Assam must save shrinking wetlands

The pioneer , Tuesday, December 21, 2004
Correspondent : Monalisa Gogoi
Despite the noise that the State Government routinely makes about its efforts to development tourism in Assam, it is obvious there is much that needs to be done before the industry gains any recognition. Noted naturalist and director of the Mumbai Natural History Society Asad R Rahmani pointed out that that 43 of the 465 sites in India that are natural breeding grounds for a wide variety of birds are in Assam. Here in connection with the release of a book called Important Bird Areas in India, Rahmani commented, however, that while the State had the distinction of being the chosen spot for so many bird varieties, it lacked even the basic infrastructure that bird watchers require. And nor had the sites been publicised, he said.

Caught off guard, State Tourism Minister Misbaul Islam Laskar, who formally released the book, only said that the government would do its best to develop other tourist spots in Assam to ease the pressure on Kaziranga. The lack of a concerted effort to develop tourism and rapid deforestation has led to shrinking wetlands and animal habitats in the state.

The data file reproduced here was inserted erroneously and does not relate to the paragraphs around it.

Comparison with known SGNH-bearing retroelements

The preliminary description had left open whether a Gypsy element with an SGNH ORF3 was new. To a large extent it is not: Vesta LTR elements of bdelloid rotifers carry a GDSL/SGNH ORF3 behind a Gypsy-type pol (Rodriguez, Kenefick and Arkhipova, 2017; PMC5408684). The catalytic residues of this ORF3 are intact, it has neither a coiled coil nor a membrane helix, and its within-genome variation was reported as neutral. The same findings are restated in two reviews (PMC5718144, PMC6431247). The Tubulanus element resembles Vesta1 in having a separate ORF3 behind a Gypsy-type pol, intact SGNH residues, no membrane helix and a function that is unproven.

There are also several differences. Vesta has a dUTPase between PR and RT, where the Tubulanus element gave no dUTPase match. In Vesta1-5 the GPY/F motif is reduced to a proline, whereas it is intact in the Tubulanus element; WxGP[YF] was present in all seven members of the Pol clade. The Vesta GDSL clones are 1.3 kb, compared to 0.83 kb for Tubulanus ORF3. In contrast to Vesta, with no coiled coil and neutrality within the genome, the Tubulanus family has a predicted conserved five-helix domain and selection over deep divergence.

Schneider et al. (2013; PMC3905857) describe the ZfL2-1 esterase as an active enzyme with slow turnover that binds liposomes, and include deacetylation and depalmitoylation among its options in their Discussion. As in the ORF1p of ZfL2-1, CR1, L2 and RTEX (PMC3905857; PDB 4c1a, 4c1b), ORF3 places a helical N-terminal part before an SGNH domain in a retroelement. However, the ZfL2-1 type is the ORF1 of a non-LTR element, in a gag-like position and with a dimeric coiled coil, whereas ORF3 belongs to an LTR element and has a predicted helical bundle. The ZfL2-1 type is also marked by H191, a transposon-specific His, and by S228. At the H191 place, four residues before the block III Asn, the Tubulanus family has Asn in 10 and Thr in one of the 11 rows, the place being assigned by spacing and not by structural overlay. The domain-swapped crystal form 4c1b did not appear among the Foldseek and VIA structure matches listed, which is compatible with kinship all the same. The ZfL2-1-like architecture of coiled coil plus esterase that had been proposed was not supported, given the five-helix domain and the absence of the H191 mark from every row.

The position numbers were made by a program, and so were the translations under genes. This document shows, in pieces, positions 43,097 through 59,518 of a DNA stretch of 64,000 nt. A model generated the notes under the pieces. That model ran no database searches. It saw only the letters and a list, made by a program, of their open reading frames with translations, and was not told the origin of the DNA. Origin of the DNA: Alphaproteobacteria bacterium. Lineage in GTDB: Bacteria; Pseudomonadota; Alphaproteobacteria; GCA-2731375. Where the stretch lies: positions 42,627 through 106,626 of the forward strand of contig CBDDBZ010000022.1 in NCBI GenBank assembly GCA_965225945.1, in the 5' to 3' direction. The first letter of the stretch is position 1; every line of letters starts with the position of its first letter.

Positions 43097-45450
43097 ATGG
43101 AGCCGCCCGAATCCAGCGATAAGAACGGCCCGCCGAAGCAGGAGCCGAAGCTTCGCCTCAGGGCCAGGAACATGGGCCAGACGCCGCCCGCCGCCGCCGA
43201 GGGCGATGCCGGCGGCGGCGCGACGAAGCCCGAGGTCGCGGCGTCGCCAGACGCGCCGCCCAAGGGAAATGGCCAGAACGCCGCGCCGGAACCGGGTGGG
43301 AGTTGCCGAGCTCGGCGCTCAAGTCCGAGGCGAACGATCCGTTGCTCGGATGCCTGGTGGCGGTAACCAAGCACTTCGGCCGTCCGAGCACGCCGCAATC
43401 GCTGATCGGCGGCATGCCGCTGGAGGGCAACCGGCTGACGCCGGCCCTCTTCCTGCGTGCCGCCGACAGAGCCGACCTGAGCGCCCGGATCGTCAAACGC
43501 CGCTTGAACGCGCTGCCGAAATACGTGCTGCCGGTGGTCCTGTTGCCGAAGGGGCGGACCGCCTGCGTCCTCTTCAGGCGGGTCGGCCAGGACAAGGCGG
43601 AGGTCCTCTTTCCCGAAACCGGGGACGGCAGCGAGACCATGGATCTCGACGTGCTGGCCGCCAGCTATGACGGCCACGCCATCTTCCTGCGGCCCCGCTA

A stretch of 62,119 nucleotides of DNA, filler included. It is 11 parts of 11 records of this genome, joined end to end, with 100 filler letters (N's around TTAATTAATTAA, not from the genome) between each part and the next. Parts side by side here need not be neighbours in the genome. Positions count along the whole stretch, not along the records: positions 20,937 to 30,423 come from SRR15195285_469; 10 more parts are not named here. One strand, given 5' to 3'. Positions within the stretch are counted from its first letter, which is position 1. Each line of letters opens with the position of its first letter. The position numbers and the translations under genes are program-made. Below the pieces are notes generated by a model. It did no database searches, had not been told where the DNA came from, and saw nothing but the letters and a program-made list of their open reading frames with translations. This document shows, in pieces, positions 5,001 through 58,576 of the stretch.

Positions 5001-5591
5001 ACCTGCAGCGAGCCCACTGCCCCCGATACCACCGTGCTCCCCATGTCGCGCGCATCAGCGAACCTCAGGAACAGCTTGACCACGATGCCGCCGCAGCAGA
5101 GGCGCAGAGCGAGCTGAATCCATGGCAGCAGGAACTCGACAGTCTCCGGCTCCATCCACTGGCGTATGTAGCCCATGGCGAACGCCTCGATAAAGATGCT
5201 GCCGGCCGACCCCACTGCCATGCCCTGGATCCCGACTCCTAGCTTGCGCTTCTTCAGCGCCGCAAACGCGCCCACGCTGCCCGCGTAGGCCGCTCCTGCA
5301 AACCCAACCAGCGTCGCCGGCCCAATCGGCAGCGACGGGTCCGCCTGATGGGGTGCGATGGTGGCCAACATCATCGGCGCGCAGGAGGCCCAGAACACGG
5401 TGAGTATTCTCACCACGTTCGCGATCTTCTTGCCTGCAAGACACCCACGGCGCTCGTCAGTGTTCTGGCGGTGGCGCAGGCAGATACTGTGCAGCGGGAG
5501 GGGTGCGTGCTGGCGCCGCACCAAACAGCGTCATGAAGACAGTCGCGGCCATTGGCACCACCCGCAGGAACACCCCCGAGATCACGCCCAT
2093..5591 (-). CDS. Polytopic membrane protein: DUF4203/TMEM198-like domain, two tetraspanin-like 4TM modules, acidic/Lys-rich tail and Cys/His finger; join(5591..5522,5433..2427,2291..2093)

Not to mention a lack of awareness among those in charge: Over a decade ago, Deepor Beel, a wetland just outside Guwahati, managed to survive only after the students of the Assam Engineering College made it their business to take on the government on the issue. The wetland went on to be declared a Ramsar Site soon after. In more recent times there have been reports of thousands of birds losing their lives because of a powerline that runs through Kaziranga. The birds would drop dead after using the powerline as a perch.

As for animals, while Kaziranga, that will soon be a 100 years old, is a success story with poaching of rhinos in the sanctuary having dropped to nil, poachers hardly a month ago killed two rhinos at the Pobitora sanctuary not too far from Guwahati and made off with the horns of the animals.

SOURCE : The Pioneer, Tuesday, December 21, 2004

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